This gesture implies an unintentional or unavoidable action on our own part, or one that we cannot perform; or an action performed by another person which we cannot prevent. It accompanies such speeches as, "It was not my fault;" "It is impossible for me to grant this favour;" "He must follow his own course, I cannot stop him." Shrugging the shoulders likewise expresses patience, or the absence of any intention to resist. Hence the muscles which raise the shoulders are sometimes called, as I have been informed by an artist, the patience muscles." Shylock the Jew, says,
"Signor Antonio, many a time and oft In the Rialto have you rated me About my monies and usances; Still have I borne it with a patient shrug." Merchant of Venice, act 1. sc. 3.
Sir C. Bell has given a life-like figure of a man, who is shrinking back from some terrible danger, and is on the point of screaming out in abject terror. He is represented with his shoulders lifted up almost to his ears; and this at once declares that there is no thought of resistance.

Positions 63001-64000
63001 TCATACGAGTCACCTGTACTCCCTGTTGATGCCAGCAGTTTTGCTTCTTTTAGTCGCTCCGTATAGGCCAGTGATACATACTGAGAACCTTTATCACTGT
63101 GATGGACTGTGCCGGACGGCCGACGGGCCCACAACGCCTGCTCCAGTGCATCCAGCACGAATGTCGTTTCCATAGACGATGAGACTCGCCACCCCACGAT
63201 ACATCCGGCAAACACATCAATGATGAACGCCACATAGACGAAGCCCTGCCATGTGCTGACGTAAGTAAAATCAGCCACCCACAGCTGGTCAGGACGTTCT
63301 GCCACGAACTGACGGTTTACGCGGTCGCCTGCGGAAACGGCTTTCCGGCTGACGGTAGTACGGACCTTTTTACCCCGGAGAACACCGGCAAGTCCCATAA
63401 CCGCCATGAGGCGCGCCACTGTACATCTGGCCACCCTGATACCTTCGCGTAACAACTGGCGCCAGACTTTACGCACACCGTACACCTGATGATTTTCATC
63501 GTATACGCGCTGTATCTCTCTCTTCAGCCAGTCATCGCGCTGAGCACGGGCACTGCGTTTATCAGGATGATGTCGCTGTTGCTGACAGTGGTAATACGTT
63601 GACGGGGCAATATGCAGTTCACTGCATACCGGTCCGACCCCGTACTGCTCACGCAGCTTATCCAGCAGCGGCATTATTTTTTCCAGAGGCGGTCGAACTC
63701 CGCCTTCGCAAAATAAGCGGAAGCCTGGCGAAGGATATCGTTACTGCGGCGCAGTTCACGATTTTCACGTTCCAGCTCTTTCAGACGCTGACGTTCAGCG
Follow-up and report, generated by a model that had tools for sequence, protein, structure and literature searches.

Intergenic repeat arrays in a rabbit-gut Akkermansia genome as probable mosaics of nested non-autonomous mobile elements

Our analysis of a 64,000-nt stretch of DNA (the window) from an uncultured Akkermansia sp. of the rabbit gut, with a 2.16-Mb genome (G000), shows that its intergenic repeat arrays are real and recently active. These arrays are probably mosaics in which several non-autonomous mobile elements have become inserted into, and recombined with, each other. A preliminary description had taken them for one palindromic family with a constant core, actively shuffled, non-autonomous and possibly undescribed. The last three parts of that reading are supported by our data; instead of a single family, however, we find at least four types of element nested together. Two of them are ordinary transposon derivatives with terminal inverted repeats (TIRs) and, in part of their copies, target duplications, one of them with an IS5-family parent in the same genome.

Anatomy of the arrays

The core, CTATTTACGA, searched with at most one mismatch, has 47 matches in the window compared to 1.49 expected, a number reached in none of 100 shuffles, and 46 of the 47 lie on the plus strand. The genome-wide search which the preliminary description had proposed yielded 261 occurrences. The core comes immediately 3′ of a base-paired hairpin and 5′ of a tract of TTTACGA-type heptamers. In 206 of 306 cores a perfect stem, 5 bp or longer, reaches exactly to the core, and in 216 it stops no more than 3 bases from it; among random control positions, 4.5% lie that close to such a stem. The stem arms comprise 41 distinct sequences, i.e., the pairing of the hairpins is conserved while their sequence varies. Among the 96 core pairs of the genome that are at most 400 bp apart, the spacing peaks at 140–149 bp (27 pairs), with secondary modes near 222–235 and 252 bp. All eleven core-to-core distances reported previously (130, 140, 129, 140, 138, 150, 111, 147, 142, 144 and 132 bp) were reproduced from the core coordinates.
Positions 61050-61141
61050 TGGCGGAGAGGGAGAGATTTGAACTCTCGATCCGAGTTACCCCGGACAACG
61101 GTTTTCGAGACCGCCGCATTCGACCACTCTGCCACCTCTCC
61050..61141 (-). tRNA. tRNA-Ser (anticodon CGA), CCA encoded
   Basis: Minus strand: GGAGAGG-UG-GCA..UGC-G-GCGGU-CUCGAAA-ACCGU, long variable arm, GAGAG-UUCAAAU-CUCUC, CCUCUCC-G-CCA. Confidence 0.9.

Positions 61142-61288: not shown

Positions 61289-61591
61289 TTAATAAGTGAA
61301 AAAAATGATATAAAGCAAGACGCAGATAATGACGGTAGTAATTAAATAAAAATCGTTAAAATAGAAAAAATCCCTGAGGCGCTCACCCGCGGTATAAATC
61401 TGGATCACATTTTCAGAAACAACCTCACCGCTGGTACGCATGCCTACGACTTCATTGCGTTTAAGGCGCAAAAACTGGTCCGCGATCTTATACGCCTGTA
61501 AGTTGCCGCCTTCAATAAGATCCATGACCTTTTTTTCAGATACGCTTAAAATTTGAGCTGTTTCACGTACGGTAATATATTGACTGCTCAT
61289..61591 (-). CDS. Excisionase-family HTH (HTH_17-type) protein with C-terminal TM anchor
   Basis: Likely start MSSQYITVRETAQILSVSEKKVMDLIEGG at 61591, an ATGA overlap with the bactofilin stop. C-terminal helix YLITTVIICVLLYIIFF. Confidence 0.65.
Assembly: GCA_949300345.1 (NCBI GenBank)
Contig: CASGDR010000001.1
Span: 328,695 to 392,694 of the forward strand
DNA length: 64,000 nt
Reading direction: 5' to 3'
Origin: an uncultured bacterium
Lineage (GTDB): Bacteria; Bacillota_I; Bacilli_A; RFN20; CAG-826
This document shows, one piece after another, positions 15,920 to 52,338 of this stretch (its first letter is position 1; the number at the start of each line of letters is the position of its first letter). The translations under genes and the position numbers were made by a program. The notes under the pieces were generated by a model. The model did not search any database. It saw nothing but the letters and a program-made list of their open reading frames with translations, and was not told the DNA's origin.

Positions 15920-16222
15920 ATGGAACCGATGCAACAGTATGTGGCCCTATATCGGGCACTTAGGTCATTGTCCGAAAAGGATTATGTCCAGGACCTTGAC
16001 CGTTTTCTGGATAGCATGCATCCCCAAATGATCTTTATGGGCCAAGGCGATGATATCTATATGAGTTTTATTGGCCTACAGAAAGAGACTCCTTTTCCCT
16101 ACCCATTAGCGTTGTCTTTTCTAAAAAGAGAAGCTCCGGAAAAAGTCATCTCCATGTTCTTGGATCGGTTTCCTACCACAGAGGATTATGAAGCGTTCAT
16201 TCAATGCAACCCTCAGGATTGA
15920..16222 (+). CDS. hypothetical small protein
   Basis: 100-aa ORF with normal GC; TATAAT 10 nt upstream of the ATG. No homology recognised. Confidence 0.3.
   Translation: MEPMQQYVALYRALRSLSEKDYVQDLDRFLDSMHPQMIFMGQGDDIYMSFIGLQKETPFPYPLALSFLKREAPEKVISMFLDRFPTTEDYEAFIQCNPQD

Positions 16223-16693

As shrugging the shoulders generally implies "I cannot do this or that," so by a slight change, it sometimes implies "I won't do it." The movement then expresses a dogged determination not to act. Olmsted describes an Indian in Texas as giving a great shrug to his shoulders, when he was informed that a party of men were Germans and not Americans, thus expressing that he would have nothing to do with them. Sulky and obstinate children may be seen with both their shoulders raised high up; but this movement is not associated with the others which generally accompany a true shrug. An excellent observer in describing a young man who was determined not to yield to his father's desire, says, "He thrust his hands deep down into his pockets, and set up his shoulders to his ears, which was a good warning that, come right or wrong, this rock should fly from its firm base as soon as Jack would; and that any remonstrance on the subject was purely futile." As soon as the son got his own way, he "put his shoulders into their natural position."